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SNL's Portrayal of Pence as a Fey Gay Is Offensive in Its Laziness

SNL's Portrayal of Pence as a Fey Gay Is Offensive in Its Laziness

Mike Pence

Is there a lower form of humor than a pun? Saturday Night Live may have found it.

As someone who loves comedy, I have an appreciation for "old" sketch comedy. I love watching Monty Python with its countercultural '60s aesthetic, and Laugh-In was the king of kitschy Hollywood cocktail party humor. I even get into the deep cuts like Ernie Kovacs, Your Show of Shows, and more, including a very deep appreciation for Saturday Night Live and the original "Not ready for prime time players," like Gilda Radner, Bill Murray, and John Belushi.

Like everyone who's watched SNL, I have my favorite period, which was the late '80s to mid-'90s, with Phil Hartman, Chris Farley, Adam Sandler, Mike Myers, Cheri Oteri, Molly Shannon, and more. I've fallen off lately with SNL. I feel it's a bit stagnant and even regressive in its comedy, kind of like its obsession with playing Vice President Mike Pence as a closeted camp gay. Which, as you know, is not merely offensive to gay people, but the premise was already cliche in the 1990s.

Look, this is an LGBTQ website that talks about LGBTQ issues. And I'm sure I or some other writer has written about how offensive the concept of a closeted conservative is, which hurts real closeted folks. Just about every think piece writer in the LGBTQ community has beaten on this dead horse at one point or another. But let me take a different tack with it.

The joke that Mike Pence or any other anti-LGBTQ person is a closeted homosexual is hacky, lazy comedy that only comes from the mind of a lazy, hacky, unoriginal comedy writer.

Yes, this includes you, mister hot shot SNL cast and writers. You're doing hack comedy, and that's why your show objectively sucks these days. I mean, sure, Colin Jost and Michael Che, as head writers, spend their time alternating between the kind of jokes only the Harvard rowing team finds funny and the jokes that only Ricky Gervais would smile at, but playing Pence as a closeted camp gay who gets progressively gayer in his excitement and lust for Trump, all set to a Queen song? Well, Christ, that's what you would expect from an Akron, Ohio, improv troupe ... or class. That someone bought with a Groupon.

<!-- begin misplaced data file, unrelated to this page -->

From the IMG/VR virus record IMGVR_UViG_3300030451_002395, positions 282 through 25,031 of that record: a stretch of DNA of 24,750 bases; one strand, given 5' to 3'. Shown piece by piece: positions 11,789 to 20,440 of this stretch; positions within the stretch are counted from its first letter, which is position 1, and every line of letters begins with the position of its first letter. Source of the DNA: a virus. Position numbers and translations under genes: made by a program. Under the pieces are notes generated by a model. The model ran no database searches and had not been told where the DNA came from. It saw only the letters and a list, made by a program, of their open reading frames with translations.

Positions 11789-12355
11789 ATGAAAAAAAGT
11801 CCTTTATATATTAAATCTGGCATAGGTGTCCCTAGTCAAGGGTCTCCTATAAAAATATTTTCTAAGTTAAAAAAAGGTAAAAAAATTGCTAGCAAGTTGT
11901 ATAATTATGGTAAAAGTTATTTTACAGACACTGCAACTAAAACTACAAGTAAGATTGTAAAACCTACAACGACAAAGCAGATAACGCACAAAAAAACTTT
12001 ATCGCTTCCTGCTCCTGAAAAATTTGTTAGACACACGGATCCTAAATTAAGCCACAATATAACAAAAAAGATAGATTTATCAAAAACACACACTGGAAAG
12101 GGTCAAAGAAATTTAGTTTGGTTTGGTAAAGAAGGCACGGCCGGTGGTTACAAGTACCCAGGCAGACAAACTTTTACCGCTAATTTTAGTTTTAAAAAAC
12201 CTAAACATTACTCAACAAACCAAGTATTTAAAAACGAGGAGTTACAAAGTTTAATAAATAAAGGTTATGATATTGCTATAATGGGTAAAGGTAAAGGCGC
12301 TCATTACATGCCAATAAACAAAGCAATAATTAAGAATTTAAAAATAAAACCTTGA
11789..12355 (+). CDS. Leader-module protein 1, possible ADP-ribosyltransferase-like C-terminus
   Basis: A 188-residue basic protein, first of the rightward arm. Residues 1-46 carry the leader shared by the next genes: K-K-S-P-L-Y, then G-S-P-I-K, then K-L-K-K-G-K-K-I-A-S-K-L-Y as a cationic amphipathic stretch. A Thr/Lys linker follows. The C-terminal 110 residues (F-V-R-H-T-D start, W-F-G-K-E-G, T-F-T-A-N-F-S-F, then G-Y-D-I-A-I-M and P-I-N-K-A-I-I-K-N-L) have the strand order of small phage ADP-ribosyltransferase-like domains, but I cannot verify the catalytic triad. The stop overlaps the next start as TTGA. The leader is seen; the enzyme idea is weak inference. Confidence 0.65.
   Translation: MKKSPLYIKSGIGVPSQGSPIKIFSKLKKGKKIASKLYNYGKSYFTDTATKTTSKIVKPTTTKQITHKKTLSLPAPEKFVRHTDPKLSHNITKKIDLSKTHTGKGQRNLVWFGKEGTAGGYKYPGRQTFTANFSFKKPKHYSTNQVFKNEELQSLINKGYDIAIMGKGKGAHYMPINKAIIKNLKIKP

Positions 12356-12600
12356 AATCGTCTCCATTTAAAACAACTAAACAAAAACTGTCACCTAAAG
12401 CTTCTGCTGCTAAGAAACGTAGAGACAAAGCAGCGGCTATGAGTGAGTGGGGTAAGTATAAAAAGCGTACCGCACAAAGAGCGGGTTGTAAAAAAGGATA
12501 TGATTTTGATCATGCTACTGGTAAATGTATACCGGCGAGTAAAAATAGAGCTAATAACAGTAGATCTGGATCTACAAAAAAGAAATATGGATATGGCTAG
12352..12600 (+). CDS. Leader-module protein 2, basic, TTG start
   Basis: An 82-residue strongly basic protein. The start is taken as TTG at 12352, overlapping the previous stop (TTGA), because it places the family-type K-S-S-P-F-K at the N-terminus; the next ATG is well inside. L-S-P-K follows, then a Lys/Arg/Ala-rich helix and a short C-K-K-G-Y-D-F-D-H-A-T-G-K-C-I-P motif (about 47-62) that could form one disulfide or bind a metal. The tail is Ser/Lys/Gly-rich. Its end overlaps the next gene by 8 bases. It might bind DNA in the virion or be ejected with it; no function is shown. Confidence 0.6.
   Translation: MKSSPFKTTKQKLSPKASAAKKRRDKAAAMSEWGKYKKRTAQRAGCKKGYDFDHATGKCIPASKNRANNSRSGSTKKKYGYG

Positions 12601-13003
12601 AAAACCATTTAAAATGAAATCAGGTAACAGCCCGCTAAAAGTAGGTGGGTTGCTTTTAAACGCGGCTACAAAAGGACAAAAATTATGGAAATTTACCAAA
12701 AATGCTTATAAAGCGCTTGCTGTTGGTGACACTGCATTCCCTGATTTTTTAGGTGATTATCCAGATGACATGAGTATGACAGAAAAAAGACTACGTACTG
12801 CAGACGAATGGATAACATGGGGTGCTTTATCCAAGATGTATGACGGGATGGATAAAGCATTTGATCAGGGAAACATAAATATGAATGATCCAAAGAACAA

The joke of a closed homophobe goes back to at least the '70s, if not earlier. Now, there are certain fundamentals of comedy such as slapstick, the rule of three, satire, and more, but there are some things that are well ... hacky. For example, look at old Catskills humor like, "Take my wife ... please," followed by a rim shot. It's the quintessential "bad stand-up joke" because it was so overdone in the era when it was funny, it helped contribute to its own demise. The sitcom idea of the fat, shlubby husband with the disproportionately hot wife, Seinfeld exclaiming "WHAT is the DEAL?," and black comedians doing 10 minutes of "White people do it like this [nerdy and repressed], black people do it like this [over-the-top, emotional]" are all things we recognize as lazy comedy.

And now the "secretly closeted conservative homophobe" is a cliche joke. Sorry, brilliant comedy writers who used to work at The Harvard Lampoon, but it's pretty lame. But not as lame as thinking the Lampoon is still on the bleeding edge of comedy. As a member of the LGBTQ community and someone who likes comedy, here's a better idea on how to play someone like Mike Pence. Play him as a virulently homophobic religious nut.

I know that your improv workshop and your comedy writing class all tell you otherwise, to play to the opposite or unexpected, but your improv coach is the last guy from his stint at Second City to not work in TV comedy, and your writing coach laughs way too hard at McSweeney's and The Borowitz Report. Trust me, it may play well to someone in Peoria, but if you want to actually be clever and original, try playing Pence as he is; that's funny enough.

I know, I know, it sounds crazy, but hear me out. You could do it where he goes into random fits of disturbing psychosis describing how much he cares about gays to try to save them from their sin. You could do it like a Dr. Strangelove kind of thing. Maybe you could play Pence as some sort of Stepford Wives cultist; really lean into the fact that he calls his wife "Mother" but we never, ever see her. Like that is a Norman Bates from Psycho opportunity just lying on the table right there and no one is taking it.

Now, I get that not playing Pence as a closeted camp gay doesn't give you, the performer, the chance to do your gay accent and mannerisms you perfected that summer of your sophomore year in college, or you, the writer, to demonstrate your familiarity with gay culture as you understand it from remembering old Robin Williams bits from the '80s. Like really, dude, would it kill you guys to update your references from show tunes and Liza Minnelli to Drag Race and Beyonce? But really, my straight, cisgender friend who's closest contact to gay culture is the guy in costuming and makeup, at least try to do something original with the opportunity to mock Pence.

Please. Not for me as an LGBTQ person, but as a comedian sitting here watching you perform the same joke in 2019 that stopped being funny around the last time Alec Baldwin was genuinely funny on SNL, maybe the "Schweddy Balls" era.

Amanda Kerri is an Oklahoma-based writer and comedian and regular contributor to The Advocate. Follow her on Twitter @Amanda_Kerri.

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